Riesling is not naturally very alcoholic but, thanks to that strong personality, it certainly isn’t short of flavour. In Australia, the world’s second most prolific grower of Riesling grapes after Germany, the climate is quite warm enough to ripen every Riesling grape to the max. The challenge is to retain acidity, so virtually all Australian Riesling is bone dry. There is no need for any softening sweetness. The two Riesling hotspots of South Australia, Clare and Eden Valleys, offer lime, toast and sometimes flowers, as well as the ability to age for at least 10 years – or more, now that virtually all Australian Riesling is stoppered by screw cap rather than cork. In the Great Southern region of Western Australia, very fine dry Riesling, in a markedly more herbal style, can be made. Australian Rieslings tend to be between 11.5 and 13 per cent alcohol and can make great partners for the sort of fusion, often spicy, food that Australian-trained chefs revel in.
Alsace and Austria also have long histories of producing dry Rieslings, including some of the finest in the world. I have rarely encountered a disappointing dry Riesling from Josmeyer, Trimbach or Domaine Weinbach (Faller) in Alsace, nor from Bründlmayer, Hirtzberger, Knoll or Prager in Austria.
But now growers in cooler parts of New Zealand, South Africa, Chile and the US are delivering accomplished dry Rieslings too. Framingham in Marlborough caught my attention with its spookily authentic answers to sweeter German Rieslings but I have recently been blown away by their drier versions modelled on Alsace’s best. A little further south in the South Island, Pegasus Bay is another of New Zealand’s rare Riesling specialists.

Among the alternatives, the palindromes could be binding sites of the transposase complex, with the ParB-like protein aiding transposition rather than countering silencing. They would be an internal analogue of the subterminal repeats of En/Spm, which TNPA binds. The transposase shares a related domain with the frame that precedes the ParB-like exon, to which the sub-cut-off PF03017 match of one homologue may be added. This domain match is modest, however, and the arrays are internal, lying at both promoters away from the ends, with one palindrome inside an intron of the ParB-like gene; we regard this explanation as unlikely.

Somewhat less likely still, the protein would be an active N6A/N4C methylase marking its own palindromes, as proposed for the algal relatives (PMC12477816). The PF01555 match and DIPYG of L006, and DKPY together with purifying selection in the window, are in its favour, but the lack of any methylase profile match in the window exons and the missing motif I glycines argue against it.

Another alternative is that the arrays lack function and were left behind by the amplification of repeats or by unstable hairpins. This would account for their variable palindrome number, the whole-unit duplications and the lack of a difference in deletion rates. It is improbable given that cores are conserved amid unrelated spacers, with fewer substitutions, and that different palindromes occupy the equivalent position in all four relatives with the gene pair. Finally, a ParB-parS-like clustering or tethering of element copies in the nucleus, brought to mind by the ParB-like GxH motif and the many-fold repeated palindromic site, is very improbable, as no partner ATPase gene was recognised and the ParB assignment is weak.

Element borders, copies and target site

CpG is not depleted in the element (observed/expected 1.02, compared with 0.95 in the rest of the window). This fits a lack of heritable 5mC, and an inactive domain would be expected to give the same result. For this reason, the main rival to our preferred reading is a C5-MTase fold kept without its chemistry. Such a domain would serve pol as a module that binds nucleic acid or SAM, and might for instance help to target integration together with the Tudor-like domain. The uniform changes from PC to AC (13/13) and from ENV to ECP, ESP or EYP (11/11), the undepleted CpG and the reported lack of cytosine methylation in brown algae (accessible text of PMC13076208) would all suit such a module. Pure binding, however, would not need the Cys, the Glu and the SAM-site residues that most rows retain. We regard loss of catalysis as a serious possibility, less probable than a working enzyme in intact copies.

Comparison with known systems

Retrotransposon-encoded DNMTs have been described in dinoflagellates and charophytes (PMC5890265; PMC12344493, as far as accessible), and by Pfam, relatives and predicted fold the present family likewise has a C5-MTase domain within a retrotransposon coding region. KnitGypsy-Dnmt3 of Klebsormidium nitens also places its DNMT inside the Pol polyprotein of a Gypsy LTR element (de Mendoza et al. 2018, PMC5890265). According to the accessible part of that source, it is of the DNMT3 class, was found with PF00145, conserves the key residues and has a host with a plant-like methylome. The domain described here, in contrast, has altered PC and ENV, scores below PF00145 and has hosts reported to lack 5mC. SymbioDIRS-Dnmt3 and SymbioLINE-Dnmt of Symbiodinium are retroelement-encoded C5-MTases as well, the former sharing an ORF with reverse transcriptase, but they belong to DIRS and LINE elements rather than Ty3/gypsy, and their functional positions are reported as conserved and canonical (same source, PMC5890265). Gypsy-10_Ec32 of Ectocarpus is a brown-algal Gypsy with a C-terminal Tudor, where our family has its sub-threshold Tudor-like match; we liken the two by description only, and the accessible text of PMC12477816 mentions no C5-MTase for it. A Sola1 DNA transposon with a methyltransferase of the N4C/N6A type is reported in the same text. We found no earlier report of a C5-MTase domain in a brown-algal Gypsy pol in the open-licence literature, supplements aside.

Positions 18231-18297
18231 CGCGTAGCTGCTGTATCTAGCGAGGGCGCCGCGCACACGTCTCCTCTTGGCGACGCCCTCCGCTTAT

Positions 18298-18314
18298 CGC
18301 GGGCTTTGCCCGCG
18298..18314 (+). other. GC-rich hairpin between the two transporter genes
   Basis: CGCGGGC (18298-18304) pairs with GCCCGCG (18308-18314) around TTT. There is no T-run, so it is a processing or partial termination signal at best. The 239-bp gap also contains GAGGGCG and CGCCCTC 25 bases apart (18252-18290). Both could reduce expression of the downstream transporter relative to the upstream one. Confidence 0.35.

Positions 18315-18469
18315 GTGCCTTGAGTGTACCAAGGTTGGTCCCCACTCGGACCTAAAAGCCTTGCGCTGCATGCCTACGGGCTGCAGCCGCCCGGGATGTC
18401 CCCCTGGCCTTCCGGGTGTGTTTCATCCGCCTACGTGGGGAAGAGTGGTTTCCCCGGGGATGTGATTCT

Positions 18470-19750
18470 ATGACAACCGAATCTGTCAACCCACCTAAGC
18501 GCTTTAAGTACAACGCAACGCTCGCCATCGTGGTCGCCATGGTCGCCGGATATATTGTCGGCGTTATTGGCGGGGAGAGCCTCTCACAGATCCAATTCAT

Cono Sur, the most inventive of the producers owned by the Chilean giant Concha y Toro, has been experimenting with Riesling for years in its coolest southerly vineyards. But the two most impressive Chilean Rieslings to have come my way recently are from Cousiño-Macul’s very old vines, brought from Germany in the 19th century, and from the new coastal wine region of San Antonio well to the north.
North American Riesling has tended to be rather sweeter than the wines described above but the Finger Lakes in New York state now make some fine dry Riesling and one of the two German-US joint ventures that has transformed the fortunes of Riesling in Washington state, and the US market, is also making a good, if much more powerful, example. Dry Riesling is a great wine for the table.
Some Impressive Dry Whites
● Jim Barry, The Lodge Hill Dry Riesling 2013, Clare Valley, £9.99, Co-op, Majestic, Tesco
● Jim Barry, The Florita Riesling 2009, Clare Valley, £23, Hennings, Jeroboams
● Grosset, Springvale Riesling 2013, Clare Valley, £20, The Wine Society, Slurp.co.uk, Exel Wines
● Grosset, Polish Hill Riesling 2013, Clare Valley, £25, The Wine Society, Nicholls & Perks, Noel Young
● Henschke, Julius Riesling 2013, Eden Valley, £21.50, Great Western Wines, Exel Wines
● Pegasus Bay, Bel Canto Dry Riesling 2011, Waipara, £17.46, Bottle Apostle, The Good Wine Shop
● Framingham, F-Series Old Vine Riesling 2012, Marlborough, £21.29, Noel Young, Hedonism, Joseph Barnes
● Casa Marín, Miramar Vineyard Riesling 2011, San Antonio, £21.90, Hedonism
● Cousiño-Macul, Isidora Riesling 2013, Maipo, US
● Long Shadows, Poet’s Leap Riesling, 2011, Columbia Valley
Illustration by Ingram Pinn